The banner makes much more sense now. Ohio State has emerged from the shadow of postseason probation and can chase whatever it wants, including the crystal football that has eluded the Scarlet and Gray -- and the rest of the Big Ten -- for more than a decade.
Meyer and his players can stop there for now. They should, as it's only spring practice. But "The Chase" will be a theme throughout Ohio State's offseason as bigger, broader goals are back on the table.
"Everybody’s got big dreams," Meyer said, "and we as a football team have some dreams."
Ohio State can dream big primarily because of an offense that transformed in 2012, rising from 81st nationally in scoring to 21st and from 107th in total yards to 47th. Quarterback Braxton Miller blossomed in Meyer's system, racking up a team-record 3,310 yards of offense, earning Big Ten Offensive Player of the Year honors and finishing fifth in the Heisman Trophy voting.
Miller, who spent part of his winter break working with noted quarterback instructor George Whitfield in California, leads a unit that returns nine starters, including four linemen. Ohio State also regains the services of versatile running back Jordan Hall, who missed most of last season because of injury and turned heads during Tuesday's practice.
After delivering scathing -- and accurate -- critiques of Miller, the receivers and the entire offense last spring, Meyer has a much rosier outlook these days. Tuesday, he called Miller's footwork "outstanding" and praised Hall and several other skill players.
"Last year, who knew what as going to happen," the coach said. "I think the appropriate term was 'clown show' at this time. I don't feel like [it's] a clown show."
If Miller makes strides as a passer, Ohio State should have its most potent offense since the 2006 season, when the Buckeyes played for the national championship (coincidentally against Meyer's Florida Gators). The key to the spring -- and to the season, really -- is whether Ohio State produces a typical Ohio State defense. Otherwise, Meyer says, any discussion about "those two words that we don’t use very often" is pointless.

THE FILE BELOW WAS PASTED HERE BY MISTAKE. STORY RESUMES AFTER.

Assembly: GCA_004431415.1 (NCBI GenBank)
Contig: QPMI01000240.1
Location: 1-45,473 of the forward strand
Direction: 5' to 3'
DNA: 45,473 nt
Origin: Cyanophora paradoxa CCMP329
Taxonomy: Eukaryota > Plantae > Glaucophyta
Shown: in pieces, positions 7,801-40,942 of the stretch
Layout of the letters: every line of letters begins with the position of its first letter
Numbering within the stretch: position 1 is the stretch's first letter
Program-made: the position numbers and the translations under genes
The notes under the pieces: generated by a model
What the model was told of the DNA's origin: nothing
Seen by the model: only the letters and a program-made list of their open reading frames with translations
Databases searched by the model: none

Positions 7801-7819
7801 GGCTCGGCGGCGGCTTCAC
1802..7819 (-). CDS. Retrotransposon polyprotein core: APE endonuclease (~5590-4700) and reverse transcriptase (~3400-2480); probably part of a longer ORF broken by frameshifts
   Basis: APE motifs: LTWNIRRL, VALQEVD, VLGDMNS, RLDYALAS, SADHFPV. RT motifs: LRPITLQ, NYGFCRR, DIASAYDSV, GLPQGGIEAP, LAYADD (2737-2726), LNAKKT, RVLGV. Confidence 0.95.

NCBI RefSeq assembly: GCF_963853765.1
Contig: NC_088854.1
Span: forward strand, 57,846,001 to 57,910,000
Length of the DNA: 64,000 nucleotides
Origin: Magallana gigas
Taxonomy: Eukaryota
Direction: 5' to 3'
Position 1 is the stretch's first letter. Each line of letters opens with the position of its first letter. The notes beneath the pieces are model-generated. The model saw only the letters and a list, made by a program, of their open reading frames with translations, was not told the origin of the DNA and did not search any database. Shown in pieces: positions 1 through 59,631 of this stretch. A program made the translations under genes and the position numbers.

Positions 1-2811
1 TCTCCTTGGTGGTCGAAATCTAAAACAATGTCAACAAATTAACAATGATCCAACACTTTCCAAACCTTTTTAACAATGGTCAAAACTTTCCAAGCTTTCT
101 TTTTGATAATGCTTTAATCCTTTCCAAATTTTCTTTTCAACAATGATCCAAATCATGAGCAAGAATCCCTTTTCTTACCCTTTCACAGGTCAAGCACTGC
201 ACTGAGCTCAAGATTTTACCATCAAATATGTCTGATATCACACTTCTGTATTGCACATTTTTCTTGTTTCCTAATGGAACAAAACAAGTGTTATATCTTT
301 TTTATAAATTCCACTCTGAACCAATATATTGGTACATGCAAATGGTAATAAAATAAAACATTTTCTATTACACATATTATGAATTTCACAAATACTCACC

The spring spotlight shines brightest on the defensive front seven. Ohio State lost all four starting linemen from 2012, including Big Ten Defensive Player of the Year John Simon and massive tackle Johnathan Hankins, a possible first-round draft pick. Talented young linemen such as Adolphus Washington and Noah Spence got a taste last fall, and Meyer's staff has recruited extremely well up front, but others must emerge to fill out the rotation. Meyer on Tuesday challenged players such as Steve Miller and Chris Carter to do so.
All-Big Ten selection Ryan Shazier returns at linebacker, but depth remains a major concern for a group that needed fullback Zach Boren to fill a starting role midway through the 2012 season.
"If we put together a good D-line and linebackers, I think we'll have a good team," Meyer said. "If not, we won’t. It's pretty simple."
There's also a leadership void to fill this spring. Players such as Simon and Boren made sure the Buckeyes kept up the chase in 2012. Meyer expressed concern last spring at how the team would handle its first brush with failure. Thanks to the seniors, it never happened as Ohio State recorded only the sixth unbeaten, untied season in team history.
The torch has passed to players like Miller, a quiet kid from a quiet family whose voice must be heard more in 2013.
"He needs to be a better leader," offensive coordinator Tom Herman told reporters last month.